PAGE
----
Of the total global land (1.5 billion hectares), about 11% is under cultivation. 2015 figures published by FiBL put the global organic agriculture area under cultivation at 50.9 million (FiBL, 2015).
Most of the organic producers are in developing countries. FiBL 2017 Survey puts the total number of producers in the world at 2.4 million. The studies reveal that the actual area under organic farming is much more than the area certified as organic.
Organic food consumption is concentrated in countries where consumers have high purchasing power like North America, Europe, Japan, South Korea, Australia, etc.
Farmers in the US do not find it profitable to shift to organic crops from traditional high-yielding genetically modified crops.
Organic farms also do not need cash for buying chemical fertilizers and pesticides. Most small farmers do not hire labor for farming. The major farming cost is seed, fertilizer, and pesticides. In organic farms, the farmer does not need to buy either seed, fertilizer, or pesticides. Organic farming for this category of a farmer is a profitable venture.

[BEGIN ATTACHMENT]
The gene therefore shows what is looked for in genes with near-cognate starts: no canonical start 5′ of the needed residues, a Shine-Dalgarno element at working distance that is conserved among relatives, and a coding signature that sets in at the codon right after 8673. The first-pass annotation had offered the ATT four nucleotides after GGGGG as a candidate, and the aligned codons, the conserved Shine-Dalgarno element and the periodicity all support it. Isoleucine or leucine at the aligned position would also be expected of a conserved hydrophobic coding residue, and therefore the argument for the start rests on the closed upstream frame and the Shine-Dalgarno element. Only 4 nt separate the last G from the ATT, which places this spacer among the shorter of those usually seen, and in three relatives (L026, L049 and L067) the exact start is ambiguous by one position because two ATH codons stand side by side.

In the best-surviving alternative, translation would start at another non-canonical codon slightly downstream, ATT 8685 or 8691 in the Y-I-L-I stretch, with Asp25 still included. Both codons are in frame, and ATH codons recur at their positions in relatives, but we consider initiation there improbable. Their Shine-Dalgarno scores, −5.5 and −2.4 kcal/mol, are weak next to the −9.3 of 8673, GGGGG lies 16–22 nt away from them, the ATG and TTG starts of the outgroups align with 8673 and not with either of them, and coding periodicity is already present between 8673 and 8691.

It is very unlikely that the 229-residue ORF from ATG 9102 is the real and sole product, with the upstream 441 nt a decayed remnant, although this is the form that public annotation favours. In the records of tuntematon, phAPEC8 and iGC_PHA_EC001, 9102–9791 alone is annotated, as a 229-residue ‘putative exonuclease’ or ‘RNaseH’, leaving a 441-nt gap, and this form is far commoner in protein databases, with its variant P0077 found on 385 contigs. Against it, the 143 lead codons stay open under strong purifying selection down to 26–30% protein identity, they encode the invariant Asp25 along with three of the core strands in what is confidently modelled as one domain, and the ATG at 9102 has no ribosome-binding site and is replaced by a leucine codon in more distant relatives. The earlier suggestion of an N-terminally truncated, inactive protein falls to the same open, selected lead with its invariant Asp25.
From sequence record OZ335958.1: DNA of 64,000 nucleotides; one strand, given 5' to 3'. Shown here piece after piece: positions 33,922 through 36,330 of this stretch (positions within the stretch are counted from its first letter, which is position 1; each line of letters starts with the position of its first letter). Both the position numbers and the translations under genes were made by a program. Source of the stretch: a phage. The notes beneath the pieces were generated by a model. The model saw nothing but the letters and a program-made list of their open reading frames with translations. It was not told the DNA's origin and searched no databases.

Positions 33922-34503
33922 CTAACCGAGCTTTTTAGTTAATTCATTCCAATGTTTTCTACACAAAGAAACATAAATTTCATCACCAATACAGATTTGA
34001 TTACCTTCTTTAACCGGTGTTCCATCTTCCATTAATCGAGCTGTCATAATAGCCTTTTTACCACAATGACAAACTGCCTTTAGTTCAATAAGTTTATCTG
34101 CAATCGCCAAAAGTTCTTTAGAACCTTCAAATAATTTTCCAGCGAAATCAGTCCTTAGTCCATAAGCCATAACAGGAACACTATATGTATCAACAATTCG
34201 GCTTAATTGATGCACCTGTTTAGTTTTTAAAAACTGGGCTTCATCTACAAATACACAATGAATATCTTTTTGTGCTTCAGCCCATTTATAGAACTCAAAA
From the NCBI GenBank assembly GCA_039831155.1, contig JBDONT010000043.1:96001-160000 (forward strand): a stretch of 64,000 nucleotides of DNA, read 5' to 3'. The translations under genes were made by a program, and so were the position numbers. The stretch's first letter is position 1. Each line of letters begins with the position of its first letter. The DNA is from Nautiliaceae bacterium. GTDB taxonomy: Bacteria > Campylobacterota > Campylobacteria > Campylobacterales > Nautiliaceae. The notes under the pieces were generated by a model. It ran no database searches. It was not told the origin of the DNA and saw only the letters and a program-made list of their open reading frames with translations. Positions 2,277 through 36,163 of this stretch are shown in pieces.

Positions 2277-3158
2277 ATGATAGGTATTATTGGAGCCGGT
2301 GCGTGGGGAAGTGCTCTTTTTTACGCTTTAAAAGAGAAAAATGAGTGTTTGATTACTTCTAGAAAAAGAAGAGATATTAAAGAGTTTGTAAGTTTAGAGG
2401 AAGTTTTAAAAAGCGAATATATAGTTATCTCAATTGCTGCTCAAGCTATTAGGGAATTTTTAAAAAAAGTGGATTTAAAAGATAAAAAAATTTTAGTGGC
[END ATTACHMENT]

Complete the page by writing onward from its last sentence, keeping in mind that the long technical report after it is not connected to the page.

The certification process is cumbersome and requires detailed documentation. Compliance with the exacting standards of regulators and certifiers is difficult to achieve. This is especially true for less developed regions of Asia and Africa, where the bulk of the organic farmers reside. Farmers here largely come from underprivileged and poorer sections of society, with many being partially or completely illiterate. These people find it cost-ineffective to go in for a cumbersome organic certification process.
The major cost for organic farms is obtaining external certification for the crop. The cost is often too high and beyond the reach of such farms.
Organic food is pesticide-free, organic farming consumes less energy. This makes organic food and organic farming environmentally friendly.
However, if we look at it from an economic standpoint, organic farming after certification does not yield higher returns for the farmer. Most organic farmers are poor. Just like their richer counterparts in the US, they do not find it financially attractive. The poor get into organic farming when they receive a subsidy from the government.
As far as ethics is concerned, for the poor, it is food in the stomach that matters; ethics is for the rich.
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